I’ve been reflecting recently about race, identity, and power, prompted in part by an incident that reminded me just how much I take white privilege for granted.
While on vacation from my normal round of pastoral responsibilities, I attended the monthly family program at
As a mixed race family (my husband and I are white, our son is African-American), we try to be intentional about participating in communities that reflect the diversity of our family. We want our son to experience the dignity and worth of other people of color in the social networks of which we are a part. This has guided our choice of the neighborhood in which we live, schools, the friendships we cultivate, and the churches we attend (unfortunately, probably the least diverse community in terms of race).
So, I was somewhat taken aback when, after our visit to Green Gulch, we stopped at a fast food restaurant for lunch on the way home. It was surprisingly busy for Super Bowl Sunday, and I was glad to find a table while the rest of my family waited for our order. When they brought the food over, I overheard my husband and son talking about eating in the car or outside on the sidewalk instead. I was a little put out by the idea, and asked why. My husband said, “I’ll explain later.”
While eating our lunch outside on the sidewalk, he explained that our son was uncomfortable being the only “brown skinned” person in the restaurant. I hadn’t even noticed. My son remarked that it was embarrassing to him. My immediate response was, “But you are beautiful!” Clearly, though, the issue wasn’t that he felt ashamed of how he looked, but rather self-conscious about his being “other.” We praised him for sharing his feelings with us, assured him of his value, and promised that we would be careful about keeping our family safe.
In retrospect, I thought about situations where I was the only (out) gay person in a social setting, and how uncomfortable that could be. Being different from others necessarily places one in a position of vulnerability. We can not control how others respond to our difference, and we know that the responses are all too often negative.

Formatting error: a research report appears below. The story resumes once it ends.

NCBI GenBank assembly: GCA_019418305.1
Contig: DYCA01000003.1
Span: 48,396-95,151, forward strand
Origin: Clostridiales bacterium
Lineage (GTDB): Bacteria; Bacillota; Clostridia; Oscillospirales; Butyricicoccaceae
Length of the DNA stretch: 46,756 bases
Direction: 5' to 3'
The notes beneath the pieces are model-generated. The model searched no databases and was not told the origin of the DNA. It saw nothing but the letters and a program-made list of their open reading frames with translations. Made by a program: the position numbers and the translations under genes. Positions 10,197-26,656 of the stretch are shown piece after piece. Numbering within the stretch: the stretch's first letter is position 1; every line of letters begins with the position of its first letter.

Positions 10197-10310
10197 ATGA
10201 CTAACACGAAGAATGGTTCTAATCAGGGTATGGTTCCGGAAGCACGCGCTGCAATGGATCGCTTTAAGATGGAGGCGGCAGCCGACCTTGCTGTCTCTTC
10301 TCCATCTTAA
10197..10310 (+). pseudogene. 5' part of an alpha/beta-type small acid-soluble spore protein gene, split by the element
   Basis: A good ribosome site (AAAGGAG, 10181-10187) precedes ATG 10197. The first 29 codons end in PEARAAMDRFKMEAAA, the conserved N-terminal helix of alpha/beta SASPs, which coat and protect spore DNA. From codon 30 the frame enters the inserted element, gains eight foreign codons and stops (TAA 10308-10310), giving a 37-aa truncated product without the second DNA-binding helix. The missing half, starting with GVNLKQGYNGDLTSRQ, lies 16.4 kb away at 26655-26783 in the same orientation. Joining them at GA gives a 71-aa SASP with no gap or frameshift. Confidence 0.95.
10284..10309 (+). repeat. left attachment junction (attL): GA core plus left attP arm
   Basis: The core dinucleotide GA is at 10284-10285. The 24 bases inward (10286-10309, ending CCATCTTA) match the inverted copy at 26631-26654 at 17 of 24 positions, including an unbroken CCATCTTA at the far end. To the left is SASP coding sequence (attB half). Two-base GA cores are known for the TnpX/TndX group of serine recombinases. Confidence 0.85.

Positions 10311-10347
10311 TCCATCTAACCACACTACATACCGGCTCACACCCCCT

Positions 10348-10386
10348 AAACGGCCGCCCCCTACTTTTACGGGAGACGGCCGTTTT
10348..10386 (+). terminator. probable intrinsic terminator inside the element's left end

And yet, our situations are by no means completely analogous. I was a young adult before I came out and began to deal directly with heterosexism, while my son, unable to “pass,” has had to deal with racism his whole life. My position as a mature white male professional gives me enormous social power that serves to mitigate the heterosexism I experience. The personal and social resources at my disposal are far greater than those of my son as a black male child. He depends mightily upon the protection of his parents, as do all children, but especially in light of the stigma associated with race and sexual orientation in our culture.
I’m conscious, too, that our son benefits to some extent from the halo of white, male, and class privilege that surrounds his dads. We are able to afford him opportunities in life that he might well have missed had we not adopted him. And yet I’m also very aware of our limitations when it comes to helping our son with one of the central challenges he will face in life: growing up black in a racist society. It reminds me of the very real limitations of my own parents as I struggled to grow up into a mature gay male identity.
I’m quite certain that if I were black, I would have noticed the absence of other black people in the restaurant. While it might not have stopped me from eating there, it would have sensitized me to the possibility that my son might be uncomfortable, and made me alert to check-in with him; and, of course, he would not have been alone in his racial “otherness.” Part of the challenge of parenting for me is to empathically think myself “black” in situations where I take white privilege for granted.
(If I had a daughter, would I not need to learn to empathically think myself “female?” As a Christian, do I not need to empathically think myself “other” if I am to be compassionate as God is compassionate?)
I’m proud of my son for being able to articulate his feelings and ask for help. I’m humbled by his maturity, considering how confused I can be about my feelings and how reticent I am to ask for help at times. I’m reassured that he is secure enough in our love, and God’s love for him, that he can speak up for himself and trust that we will support him.
My hope for my son, and for all children, is that they grow up feeling confident of their dignity and worth as children of God, comfortable with the diverse humanity created in the image of God, and committed to the creation of a world that reflects the justice and mercy of God. In this, my light is Jesus, who became “other” for our sake, revealing the insanity and cruelty of our divisions and teaching us that “otherness” is a gift to be received rather than something to be feared.